The Virginia Supreme Court has ruled that the insurance carrier for an energy company sued over global climate change did not have a duty to defend or provide indemnity coverage because there was no “occurrence” as required by the relevant policy. AES Corp. v. Steadfast Ins. Co., No. 100764 (Va. 9/16/11). In the climate change lawsuit, plaintiffs sued 20 oil, coal and electric utility companies alleging that they emitted large quantities of carbon dioxide causing the Arctic sea ice that formerly protected an Alaskan coastal village from winter storms to melt. In Kivalina v. Exxon Mobil Corp., 663 F. Supp. 2d 863 (N.D. Cal. 2009), the district court dismissed the complaint, and an appeal is pending before the Ninth Circuit.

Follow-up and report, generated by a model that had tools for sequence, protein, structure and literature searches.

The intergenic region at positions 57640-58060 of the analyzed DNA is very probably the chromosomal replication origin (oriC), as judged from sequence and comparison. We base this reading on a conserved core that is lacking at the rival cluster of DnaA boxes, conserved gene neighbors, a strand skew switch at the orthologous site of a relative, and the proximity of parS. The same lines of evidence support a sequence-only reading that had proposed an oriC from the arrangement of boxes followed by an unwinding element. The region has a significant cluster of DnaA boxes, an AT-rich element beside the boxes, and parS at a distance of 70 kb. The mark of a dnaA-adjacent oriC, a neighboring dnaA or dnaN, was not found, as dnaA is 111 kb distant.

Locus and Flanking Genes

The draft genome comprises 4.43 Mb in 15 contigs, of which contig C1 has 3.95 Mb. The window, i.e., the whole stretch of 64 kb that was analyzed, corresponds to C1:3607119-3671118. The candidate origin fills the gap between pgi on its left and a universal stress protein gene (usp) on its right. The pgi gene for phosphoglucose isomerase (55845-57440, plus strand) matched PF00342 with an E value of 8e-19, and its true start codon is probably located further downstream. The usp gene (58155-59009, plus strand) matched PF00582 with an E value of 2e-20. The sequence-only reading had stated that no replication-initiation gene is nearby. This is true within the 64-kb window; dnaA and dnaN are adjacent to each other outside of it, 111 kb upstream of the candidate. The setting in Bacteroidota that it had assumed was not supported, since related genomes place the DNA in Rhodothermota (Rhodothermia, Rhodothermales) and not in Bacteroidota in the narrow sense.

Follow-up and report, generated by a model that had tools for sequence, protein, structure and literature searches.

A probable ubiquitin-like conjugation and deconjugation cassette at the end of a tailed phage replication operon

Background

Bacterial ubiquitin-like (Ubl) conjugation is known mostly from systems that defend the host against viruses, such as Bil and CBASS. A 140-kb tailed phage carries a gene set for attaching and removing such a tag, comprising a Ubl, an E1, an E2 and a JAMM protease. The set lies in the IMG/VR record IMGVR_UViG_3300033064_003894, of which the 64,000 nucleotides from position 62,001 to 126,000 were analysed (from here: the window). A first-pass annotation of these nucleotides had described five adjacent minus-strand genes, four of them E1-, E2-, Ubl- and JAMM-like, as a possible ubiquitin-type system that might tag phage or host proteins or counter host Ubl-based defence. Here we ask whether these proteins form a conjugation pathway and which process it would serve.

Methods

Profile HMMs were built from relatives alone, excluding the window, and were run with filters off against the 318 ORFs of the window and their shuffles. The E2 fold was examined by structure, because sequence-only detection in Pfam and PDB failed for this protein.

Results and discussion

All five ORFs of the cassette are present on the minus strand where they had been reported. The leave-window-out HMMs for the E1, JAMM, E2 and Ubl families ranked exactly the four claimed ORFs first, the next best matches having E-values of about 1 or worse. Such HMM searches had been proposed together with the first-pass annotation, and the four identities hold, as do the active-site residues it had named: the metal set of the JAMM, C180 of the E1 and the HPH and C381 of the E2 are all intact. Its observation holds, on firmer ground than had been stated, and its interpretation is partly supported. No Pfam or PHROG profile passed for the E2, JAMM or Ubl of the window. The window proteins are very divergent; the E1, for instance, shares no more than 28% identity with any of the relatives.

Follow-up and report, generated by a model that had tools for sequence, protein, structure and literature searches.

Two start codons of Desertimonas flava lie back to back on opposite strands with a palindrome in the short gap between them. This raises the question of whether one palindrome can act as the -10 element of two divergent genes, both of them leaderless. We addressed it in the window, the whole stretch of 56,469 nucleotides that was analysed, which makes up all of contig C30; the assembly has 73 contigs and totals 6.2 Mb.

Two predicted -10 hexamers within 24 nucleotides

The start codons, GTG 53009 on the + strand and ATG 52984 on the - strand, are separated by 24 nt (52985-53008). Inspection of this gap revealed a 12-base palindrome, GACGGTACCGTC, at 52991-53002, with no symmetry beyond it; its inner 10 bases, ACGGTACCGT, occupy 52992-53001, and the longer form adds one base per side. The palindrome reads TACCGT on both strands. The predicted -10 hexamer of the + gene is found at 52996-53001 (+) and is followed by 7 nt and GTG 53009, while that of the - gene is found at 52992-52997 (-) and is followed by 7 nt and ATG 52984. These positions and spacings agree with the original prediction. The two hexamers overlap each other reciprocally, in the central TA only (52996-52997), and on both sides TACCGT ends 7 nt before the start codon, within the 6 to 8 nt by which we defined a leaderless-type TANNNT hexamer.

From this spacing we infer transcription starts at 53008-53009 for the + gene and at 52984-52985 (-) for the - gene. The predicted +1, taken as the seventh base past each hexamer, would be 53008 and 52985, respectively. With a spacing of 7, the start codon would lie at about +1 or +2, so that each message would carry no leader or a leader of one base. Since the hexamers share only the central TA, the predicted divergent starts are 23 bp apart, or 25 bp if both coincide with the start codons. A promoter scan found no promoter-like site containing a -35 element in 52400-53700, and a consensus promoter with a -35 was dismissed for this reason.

According to the trial court, the complaint failed to allege an “occurrence,” as that term is used in commercial general liability (CGL ) policies held by plaintiff. The Virginia Supreme Court noted that in Kivalina, the village alleged that AES “intentionally” released tons of carbon dioxide and greenhouse gases into the atmosphere as part of its electricity-generating operations. According to the court, “[W]e have held that an intentional act is neither an ‘occurrence’ nor an ‘accident’ and therefore is not covered by the standard policy.”